An anthropologist at Baylor University is leading an effort to exhume the remains of unidentified illegal immigrants in Brooks County.
The project is aimed at providing a sense of closure for the families of those immigrants, and it is all set to begin next month.
Brooks County officials call the project a win-win. Officials said Brooks County itself will not have to pay for the project, and that Baylor University has really stepped up to the plate.
"Anything like that is a welcome help, and of course the primary goal is to get these unknowns identified and at least get an idea as to where they're from, whether they be from Guatemala, Honduras or El Salvador, depending on what country they're from," said Chief Deputy Benny Martinez of the Brooks County Sheriff's Department.
There were 129 immigrant remains found in Brooks County last year. Many of those remains are buried in unmarked graves at the Falfurrias Cemetery. Now, Dr. Lori Baker, a physical anthropologist at Baylor University, has taken on the job of identifying the remains.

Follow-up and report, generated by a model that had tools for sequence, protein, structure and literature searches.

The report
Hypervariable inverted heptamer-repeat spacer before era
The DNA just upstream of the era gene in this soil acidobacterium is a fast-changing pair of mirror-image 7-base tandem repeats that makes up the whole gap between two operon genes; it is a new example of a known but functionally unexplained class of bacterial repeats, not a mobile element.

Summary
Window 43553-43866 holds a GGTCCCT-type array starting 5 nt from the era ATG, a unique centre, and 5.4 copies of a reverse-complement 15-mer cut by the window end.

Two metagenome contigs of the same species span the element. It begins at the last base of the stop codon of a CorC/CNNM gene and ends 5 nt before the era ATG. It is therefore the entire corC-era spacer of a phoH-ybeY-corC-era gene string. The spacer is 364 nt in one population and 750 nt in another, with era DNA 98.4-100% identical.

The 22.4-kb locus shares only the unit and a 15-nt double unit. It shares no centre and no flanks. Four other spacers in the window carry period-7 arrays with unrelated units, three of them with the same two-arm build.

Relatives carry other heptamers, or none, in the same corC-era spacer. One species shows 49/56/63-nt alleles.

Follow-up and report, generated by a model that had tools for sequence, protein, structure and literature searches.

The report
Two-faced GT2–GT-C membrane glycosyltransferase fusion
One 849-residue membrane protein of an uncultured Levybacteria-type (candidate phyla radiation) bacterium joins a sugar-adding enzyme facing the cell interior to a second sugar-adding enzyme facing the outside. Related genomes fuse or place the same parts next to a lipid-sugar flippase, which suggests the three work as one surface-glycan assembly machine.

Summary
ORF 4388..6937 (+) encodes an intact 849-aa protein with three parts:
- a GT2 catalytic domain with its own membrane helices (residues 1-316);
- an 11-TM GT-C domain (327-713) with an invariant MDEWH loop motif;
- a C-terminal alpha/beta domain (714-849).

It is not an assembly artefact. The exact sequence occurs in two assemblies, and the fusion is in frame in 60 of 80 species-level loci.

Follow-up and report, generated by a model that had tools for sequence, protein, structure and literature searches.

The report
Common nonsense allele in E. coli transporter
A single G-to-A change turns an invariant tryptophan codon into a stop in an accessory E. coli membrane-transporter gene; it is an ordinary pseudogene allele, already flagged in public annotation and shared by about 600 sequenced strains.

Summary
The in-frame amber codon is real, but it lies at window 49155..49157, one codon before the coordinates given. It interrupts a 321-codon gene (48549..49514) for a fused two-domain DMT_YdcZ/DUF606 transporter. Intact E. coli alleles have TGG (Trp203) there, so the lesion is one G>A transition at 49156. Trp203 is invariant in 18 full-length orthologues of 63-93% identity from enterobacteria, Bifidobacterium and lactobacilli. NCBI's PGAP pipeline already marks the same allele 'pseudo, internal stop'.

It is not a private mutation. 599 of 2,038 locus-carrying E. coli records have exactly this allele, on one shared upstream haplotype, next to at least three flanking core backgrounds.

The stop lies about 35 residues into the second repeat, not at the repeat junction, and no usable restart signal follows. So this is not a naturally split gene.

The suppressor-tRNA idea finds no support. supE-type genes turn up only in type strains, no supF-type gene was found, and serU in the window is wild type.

Brooks County officials said a team led by Dr. Baker, which will include other professors, associate professors and some 28 students, will come to Brooks County next month to exhume the remains.
"In relative terms, like when you do student teaching, that you go down to an actual classroom, they're coming down to an actual site where they will be able to participate in the removal of the bodies, trying to identify them, trying to get them back to their loved ones," Brooks County Judge Raul Ramirez said.
Brooks County officials said the exact number of unidentified immigrant remains at the cemetery is unknown. They estimate it to be anywhere from 55-100.
Officials said that Dr. Baker and her team are set to begin their research on May 18, and will continue for a week. One of the local ranches as stepped up and invited the students to stay at their quarters while they do their research.
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